Utilizing Subcontractor Bonds for Prequalification and Risk Management
Whether you are a paper general contractor subcontracting nearly 100% of work or a prime engineering firm subcontracting work scope you do not self-perform, subcontractors are often extremely important contributors to a project. Because of this, it is critical to perform both prequalification and contractual risk management to avoid problems.
Some solid risk management procedures include properly structured subcontracts which include flow-down of contractual responsibilities from the prime contract, indemnity provisions holding the G.C. and owner harmless, minimum insurance requirements for general liability, work comp, and auto as well as safety plans. I would also recommend using subcontractor bonds either as policy above a specified subcontract dollar value or used selectively for new or unfamiliar subs. Requiring bonds from your subcontractors allows you to outsource the prequalification and vetting process on the front end while offering performance and payment security from the bond itself.
Benefits of Subcontractor Bonds:
- 3rd Party Prequalification Services – when underwriting support of a subcontractor’s bond request, a surety will review financial strength and current performance, credit history, management capability, equipment, reputation, as well as project factors like size, scope, and geographic location.
- Performance Security – the Performance bond will guarantee the contractual clauses and provisions laid out in the subcontract agreement. If the subcontractor is not performing its obligations under the contract, a claim can be made under the performance bond.
- Payment Protections – since liens are typically not available on public projects, the Payment bond protects subcontractor and supplier tiers downstream from the bonded subcontractor.
- Requiring a bond from your subcontractor can also add incentive and focus on a particular project as surety companies typically require both corporate and personal indemnities to back the bond.
A prime or general contractor can also benefit from using subcontractor bonds when they are requesting a bond outside of their normal size or scope. The G.C.’s surety company will gain comfort in knowing the subcontractors have been prequalified and offer performance security. Amongst their underwriting considerations, knowing subcontractors are bonded can go a long way towards supporting a large or unique bonded project or spike backlog for their G.C. client.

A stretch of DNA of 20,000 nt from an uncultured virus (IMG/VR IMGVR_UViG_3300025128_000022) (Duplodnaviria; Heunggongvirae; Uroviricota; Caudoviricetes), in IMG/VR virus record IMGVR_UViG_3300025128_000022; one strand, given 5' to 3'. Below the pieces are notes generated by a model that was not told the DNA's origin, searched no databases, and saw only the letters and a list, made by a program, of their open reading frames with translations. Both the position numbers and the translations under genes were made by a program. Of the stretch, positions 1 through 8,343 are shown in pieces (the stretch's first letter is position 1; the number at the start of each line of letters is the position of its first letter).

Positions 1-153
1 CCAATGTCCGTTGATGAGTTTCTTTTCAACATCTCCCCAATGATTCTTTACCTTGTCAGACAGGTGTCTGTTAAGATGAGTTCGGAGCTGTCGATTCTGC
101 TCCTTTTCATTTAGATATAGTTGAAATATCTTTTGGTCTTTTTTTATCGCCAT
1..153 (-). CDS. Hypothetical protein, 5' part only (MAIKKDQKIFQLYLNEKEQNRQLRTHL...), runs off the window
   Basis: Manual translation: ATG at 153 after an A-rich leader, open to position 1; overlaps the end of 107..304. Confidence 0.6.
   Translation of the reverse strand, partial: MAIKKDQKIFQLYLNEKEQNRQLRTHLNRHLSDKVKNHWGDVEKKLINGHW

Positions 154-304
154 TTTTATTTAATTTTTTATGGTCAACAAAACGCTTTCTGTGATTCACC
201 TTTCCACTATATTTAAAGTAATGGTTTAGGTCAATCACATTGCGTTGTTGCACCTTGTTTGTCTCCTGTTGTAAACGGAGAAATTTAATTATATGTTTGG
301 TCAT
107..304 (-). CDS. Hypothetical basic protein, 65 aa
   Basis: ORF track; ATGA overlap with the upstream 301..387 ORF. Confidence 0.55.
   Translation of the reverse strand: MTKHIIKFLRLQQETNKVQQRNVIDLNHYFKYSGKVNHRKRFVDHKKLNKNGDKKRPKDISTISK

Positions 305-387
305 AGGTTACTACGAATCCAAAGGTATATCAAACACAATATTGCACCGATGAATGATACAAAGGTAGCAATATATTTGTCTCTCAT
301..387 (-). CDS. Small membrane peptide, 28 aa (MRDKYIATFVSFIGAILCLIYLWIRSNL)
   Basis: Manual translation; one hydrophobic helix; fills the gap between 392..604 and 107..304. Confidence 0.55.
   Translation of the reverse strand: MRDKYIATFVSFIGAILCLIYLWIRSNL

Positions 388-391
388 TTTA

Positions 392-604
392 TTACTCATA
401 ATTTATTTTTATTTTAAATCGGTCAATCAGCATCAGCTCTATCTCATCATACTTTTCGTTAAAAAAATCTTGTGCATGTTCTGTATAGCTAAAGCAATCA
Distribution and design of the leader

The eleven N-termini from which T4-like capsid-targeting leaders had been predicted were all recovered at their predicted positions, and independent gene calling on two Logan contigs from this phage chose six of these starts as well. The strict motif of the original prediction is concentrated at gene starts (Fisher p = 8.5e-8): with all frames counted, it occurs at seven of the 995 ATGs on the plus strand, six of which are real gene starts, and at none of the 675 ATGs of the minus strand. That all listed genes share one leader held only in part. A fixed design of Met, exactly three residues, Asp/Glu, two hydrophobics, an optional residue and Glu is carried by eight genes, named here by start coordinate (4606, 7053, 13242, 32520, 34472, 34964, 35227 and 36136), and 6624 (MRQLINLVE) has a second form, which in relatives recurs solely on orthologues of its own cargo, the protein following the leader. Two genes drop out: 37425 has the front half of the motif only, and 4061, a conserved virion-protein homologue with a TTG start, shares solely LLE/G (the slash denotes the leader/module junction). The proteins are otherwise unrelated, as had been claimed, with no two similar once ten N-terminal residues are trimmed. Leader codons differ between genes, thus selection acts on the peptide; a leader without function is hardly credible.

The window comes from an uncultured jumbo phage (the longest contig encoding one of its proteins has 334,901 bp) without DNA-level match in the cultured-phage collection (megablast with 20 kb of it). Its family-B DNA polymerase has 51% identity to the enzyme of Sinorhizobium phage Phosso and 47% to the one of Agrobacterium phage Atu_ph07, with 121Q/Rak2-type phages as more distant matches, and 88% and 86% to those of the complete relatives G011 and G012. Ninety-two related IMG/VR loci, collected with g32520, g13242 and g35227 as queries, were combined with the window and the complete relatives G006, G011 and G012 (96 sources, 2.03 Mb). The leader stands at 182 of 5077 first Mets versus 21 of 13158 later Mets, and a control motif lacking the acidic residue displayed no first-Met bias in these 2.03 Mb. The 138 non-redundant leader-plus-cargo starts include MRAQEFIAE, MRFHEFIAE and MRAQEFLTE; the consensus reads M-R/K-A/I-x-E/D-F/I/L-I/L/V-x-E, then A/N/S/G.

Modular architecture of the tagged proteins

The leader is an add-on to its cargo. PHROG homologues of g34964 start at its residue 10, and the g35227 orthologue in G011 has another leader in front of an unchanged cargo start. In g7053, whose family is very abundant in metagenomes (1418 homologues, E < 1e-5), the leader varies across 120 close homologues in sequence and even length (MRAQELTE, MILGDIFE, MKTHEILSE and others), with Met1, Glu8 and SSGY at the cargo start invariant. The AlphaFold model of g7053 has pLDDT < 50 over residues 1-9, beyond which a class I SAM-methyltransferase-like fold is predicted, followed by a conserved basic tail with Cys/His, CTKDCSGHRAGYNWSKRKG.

Do Subcontractor Bonds Reduce The Size of Bond I Need?
One misconception I hear often is that using subcontract bonds will reduce the amount of the prime contract bond required, and this is not the case. We should keep in mind these are distinctly separate contractual relationships. The prime contract bond covers the entire contract for the owner’s protection and offers no protections for the G.C. Whereas, subcontract bonds required by the G.C. protect them from performance and payment risks. Another issue that can often be confusing is considering a project “double bonded” when both the prime contract and subcontracts are guaranteed with bonds. For the same reasons as stated above, the protections offered by the bonds are not “doubled”, they are applied to distinctly separate contracts and protect different parties.
If your construction firm often operates as a subcontractor, it is a good idea to have your bonding relationship in place and up to date so you can respond if a G.C. requires bonding. From a marketing standpoint, another benefit of establishing your bonding is being able to tell prospective G.C.’s or owners you are bondable and including a letter of bond-ability with your proposals. Normally, we write these letters as an ongoing service for our clients free of cost and it can make a big difference in being selected for a project.
Schmalz & Associates is an agency exclusively supporting contractors bonding needs. Eric Schmalz was an underwriter and manager for over 15 years working for Top 10 surety companies and now helps his contractor clients establish and maximize their bonding. Please call 512-640-6444, email email@example.com or visit the website at www.schmalzsurety.com
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This article was originally published in the February 2021 issue of Austin Construction News.